We know that rape kit reform takes time—truly lasting change in the way our criminal justice system and we as a community respond to sexual violence will not come overnight. In our last GlobalGiving report, we gave you an introduction to our work in Detroit to end the city’s backlog of nearly 11,000 untested rape kits and support our collaborative partners through our Heal the Healers program.
Our commitment to end Detroit’s backlog of untested rape kits extends beyond supporting the wellness of police, social workers and prosecutors and today, we’d like to share another brief snapshot of what your funding is making possible.
With the goal of engaging and empowering survivors in the criminal justice system during rape kit reform, we are More >
Last week, the New York State Senate overwhelmingly passed a bill expanding the state’s DNA Databank. With bipartisan support in a 50 to 10 vote, the Senate adopted Governor Cuomo’s proposal to expand the Databank to include DNA samples from offenders convicted of all felony crimes and every penal law misdemeanor. Under the current law, the Databank captures offender DNA profiles for only 46% of crimes.
As Joyful Heart’s founder and president, Mariska Hargitay, said in a recently released video:
“This reform will bring healing and justice to survivors, hold violent offenders accountable, solve and prevent crimes, and avoid wrongful convictions. We know that individuals who commit serious crimes, like rape, have broken the law before. A single DNA sample often matches to multiple cold cases when entered into the Databank. We also know that many rapists have previous convictions for lower-level crimes. In fact, since New York began collecting DNA samples for some misdemeanor convictions in 2006, offender profiles from shoplifting and criminal trespass convictions alone have matched to 332 sexual assault cases. It is now time for New York to use DNA to its fullest potential.”
While the NYS Senate has taken a very significant step toward bringing healing and justice More >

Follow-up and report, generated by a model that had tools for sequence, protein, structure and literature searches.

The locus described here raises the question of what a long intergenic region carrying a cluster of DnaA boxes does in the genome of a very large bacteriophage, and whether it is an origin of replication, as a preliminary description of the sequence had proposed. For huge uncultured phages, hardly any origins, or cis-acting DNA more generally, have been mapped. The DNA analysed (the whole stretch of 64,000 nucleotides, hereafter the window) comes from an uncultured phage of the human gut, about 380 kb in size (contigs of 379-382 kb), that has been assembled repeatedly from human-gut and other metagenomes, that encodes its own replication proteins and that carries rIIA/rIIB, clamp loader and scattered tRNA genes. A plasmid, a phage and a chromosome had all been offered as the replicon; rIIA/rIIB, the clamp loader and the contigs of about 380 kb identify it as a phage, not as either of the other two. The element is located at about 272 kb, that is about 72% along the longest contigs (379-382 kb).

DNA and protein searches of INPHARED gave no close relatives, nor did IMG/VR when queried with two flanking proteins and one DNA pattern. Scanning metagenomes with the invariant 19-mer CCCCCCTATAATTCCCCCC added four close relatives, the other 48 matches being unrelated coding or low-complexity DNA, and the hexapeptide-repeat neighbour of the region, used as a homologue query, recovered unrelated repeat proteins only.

The Violence Against Women Act (VAWA) is up for reauthorization by Congress this year. Since its enactment 17 years ago, VAWA has saved countless lives, protected families, given a voice to survivors and provided invaluable training to the criminal justice community. VAWA is both a symbol and actualization of what it means to create healing and justice for survivors and their communities.
VAWA has fostered coordinated responses to violence against women by bringing together the criminal justice system, social services agencies and private nonprofits that work with survivors. It is responsible for the creation of legal assistance programs for survivors and greater protections for immigrants experiencing domestic violence, dating violence, sexual assault or stalking. If passed, the reauthorization will provide for enhanced criminal justice responses to sexual assault, greater prevention of domestic violence homicides and engagement of young people in stopping dating violence before it starts.
Please take action today to ensure that Congress reauthorizes VAWA. Write or call your senators and urge them to become co-sponsors of this vital piece of legislation. You can send the message we drafted or write a letter in your own words, expressing how critical VAWA is in the movement to end violence against women and girls. Calling More >